Due to significant concerns from a Federal Court judge, three temporarily redacted schedules in the ABC’s defamation defence and Christian Porter’s reply could be made available to the public despite the best efforts of the former attorney-general to have them completely removed from the court file.
As part of the mediation agreement between ChristianPorter and the ABC to discontinue the former’s defamation case, the two parties agreed to request an order from the Federal Court that the three redacted schedules be permanently deleted, but Justice Jayne Jagot said it would not be permitted because they simply asked for it.
The three sections are currently under an interim suppression order following an objection made by Mr Porter’s legal team and a request for them to be struck out entirely. While orders to discontinue the proceedings were granted, Justice Jagot said she would need to be convinced that the court had no need for the schedules.
“You’ve filed orders in a court, it doesn’t then become a matter for you about what is to be disclosed or not disclosed,” Justice Jagot told the parties during the Tuesday, 1 June case management hearing. She added that while she wants to keep the costs as low as possible, “this is an unavoidable issue if you want to press [for it].”
The ABC decided on a neutral position on the matter but media companies Nine and News Corporation have continued to push for the release of the documents. Kangaroo Court of Australia’s editor Shane Dowling has also requested permission to argue that they should be released under freedom of political communication, but whether he will be granted this option is yet to be decided by the court.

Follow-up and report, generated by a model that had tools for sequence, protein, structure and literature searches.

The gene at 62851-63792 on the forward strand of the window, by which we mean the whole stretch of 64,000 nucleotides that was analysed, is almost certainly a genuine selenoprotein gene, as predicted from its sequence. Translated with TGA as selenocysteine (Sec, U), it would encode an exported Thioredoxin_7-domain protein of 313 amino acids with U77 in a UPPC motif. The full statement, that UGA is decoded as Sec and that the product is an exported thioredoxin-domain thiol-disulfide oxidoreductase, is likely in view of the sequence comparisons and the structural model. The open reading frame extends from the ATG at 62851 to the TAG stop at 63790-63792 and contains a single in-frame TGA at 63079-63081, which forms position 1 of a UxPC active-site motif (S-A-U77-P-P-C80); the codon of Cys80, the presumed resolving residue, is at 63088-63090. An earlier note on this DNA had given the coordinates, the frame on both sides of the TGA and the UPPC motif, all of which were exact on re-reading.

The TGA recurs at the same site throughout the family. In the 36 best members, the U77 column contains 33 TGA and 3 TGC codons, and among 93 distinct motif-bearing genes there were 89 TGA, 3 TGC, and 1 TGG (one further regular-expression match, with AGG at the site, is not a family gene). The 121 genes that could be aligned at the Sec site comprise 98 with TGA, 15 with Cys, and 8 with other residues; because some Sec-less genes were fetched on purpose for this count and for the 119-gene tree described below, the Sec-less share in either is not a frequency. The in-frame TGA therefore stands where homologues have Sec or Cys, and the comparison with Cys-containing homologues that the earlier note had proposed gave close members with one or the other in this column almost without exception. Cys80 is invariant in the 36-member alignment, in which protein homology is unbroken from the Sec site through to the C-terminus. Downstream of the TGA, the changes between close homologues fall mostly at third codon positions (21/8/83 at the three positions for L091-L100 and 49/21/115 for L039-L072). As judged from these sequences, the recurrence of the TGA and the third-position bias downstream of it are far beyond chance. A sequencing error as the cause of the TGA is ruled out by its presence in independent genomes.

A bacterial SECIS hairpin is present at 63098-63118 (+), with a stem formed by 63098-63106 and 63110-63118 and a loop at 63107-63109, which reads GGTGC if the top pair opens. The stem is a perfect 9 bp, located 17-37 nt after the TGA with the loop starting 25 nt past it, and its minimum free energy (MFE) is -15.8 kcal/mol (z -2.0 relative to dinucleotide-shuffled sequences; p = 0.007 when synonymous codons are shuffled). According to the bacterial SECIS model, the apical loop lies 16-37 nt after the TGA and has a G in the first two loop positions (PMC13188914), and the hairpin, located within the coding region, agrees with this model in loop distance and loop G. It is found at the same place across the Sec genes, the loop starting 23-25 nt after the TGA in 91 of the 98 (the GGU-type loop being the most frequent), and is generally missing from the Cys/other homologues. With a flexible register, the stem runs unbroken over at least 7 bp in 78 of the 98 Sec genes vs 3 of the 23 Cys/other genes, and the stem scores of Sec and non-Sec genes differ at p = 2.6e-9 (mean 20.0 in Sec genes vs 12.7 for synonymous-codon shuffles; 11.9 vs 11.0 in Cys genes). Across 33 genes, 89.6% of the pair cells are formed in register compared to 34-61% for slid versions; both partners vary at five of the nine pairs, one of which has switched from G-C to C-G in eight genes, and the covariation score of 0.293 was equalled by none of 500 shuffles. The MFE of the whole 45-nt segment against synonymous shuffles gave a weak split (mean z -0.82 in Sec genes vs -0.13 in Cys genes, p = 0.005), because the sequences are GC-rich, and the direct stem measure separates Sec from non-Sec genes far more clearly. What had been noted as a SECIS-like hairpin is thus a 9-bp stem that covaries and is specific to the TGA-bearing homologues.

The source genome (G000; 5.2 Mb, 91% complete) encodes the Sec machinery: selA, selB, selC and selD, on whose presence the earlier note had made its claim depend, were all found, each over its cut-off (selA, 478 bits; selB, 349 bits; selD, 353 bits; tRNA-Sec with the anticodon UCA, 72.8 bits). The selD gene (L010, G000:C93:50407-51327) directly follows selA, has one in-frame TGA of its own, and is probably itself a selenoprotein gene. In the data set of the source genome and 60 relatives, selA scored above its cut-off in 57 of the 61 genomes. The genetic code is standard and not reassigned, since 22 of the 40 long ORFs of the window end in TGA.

Once all parties can agree on a suitable date, the Federal Court will hear arguments as to whether Mr Dowling can submit his arguments and the outcome of the schedules. Given the court is yet to sign off on the discontinuation and if the settlement falls apart in the meantime, the case could progress to trial.
As part of the mediation agreement announced by the ABC in a statement on Monday, 31 May, Mr Porter has walked away from the proceedings without any damages but the article in question has been updated to include an author’s note clarifying that it did not intend to suggest Mr Porter had committed a criminal offence.
“The ABC did not contend that the serious accusations could be substantiated to the applicable legal standard – criminal or civil. However, both parties accept that some readers misinterpreted the article as an accusation of guilt against Mr Porter. That reading, which was not intended by the ABC, is regretted,” the author’s note read.
In response, Mr Porter held a press conference shortly afterwards in which he took aim at the national broadcaster for standing by its reporting despite being “forced” to admit that what they wrote could mislead the ordinary reader. He told media that ABC had backed down but will “no doubt try to spin what happens”.
This press conference spurred another statement from the ABC to clarify that it does not regret writing the article and that it continues to stand by its reporting. It added that the article was not “sensationalist” and was instead an accurate report on a letter that had been sent to the Prime Minister and two other senior politicians.
“The ABC has never and still does not accept that the article suggested guilt on the part of Mr Porter. The ABC did not plead a truth defence to the ‘guilt’ meaning that Mr Porter alleged in his statement of claim,” the statement read.
Responding to his public claims that journalist Louise Milligan told her sources to delete texts off an encrypted messaging service – which was briefly referred to during Federal Court proceedings – the ABC said it “categorically rejects” this as “not only an insult to Ms Milligan but also to [Jo] Dyer’s intelligence and integrity”.
The ABC also jumped to the defence of Four Corners executive producer Sally Neighbour, who Mr Porter insinuated had lied in a tweet in which she wrote that “no money was paid”. This is correct, ABC wrote, and clarified that the only money paid was not to Mr Porter for damages but to cover the mediation costs. Ms Neighbour quickly reframed her tweet to confirm she meant “no damages were paid”.
The discontinuation of proceedings came days after Mr Porter’s leading defamation barrister Sue Chrysanthou was removed from his legal team over concerns that she learnt confidential information through a lawyer-client relationship with a woman connected to the alleged victim at the centre of the historic rape claims. Mr Porter has strenuously denied the accusations and said he would continue to do so.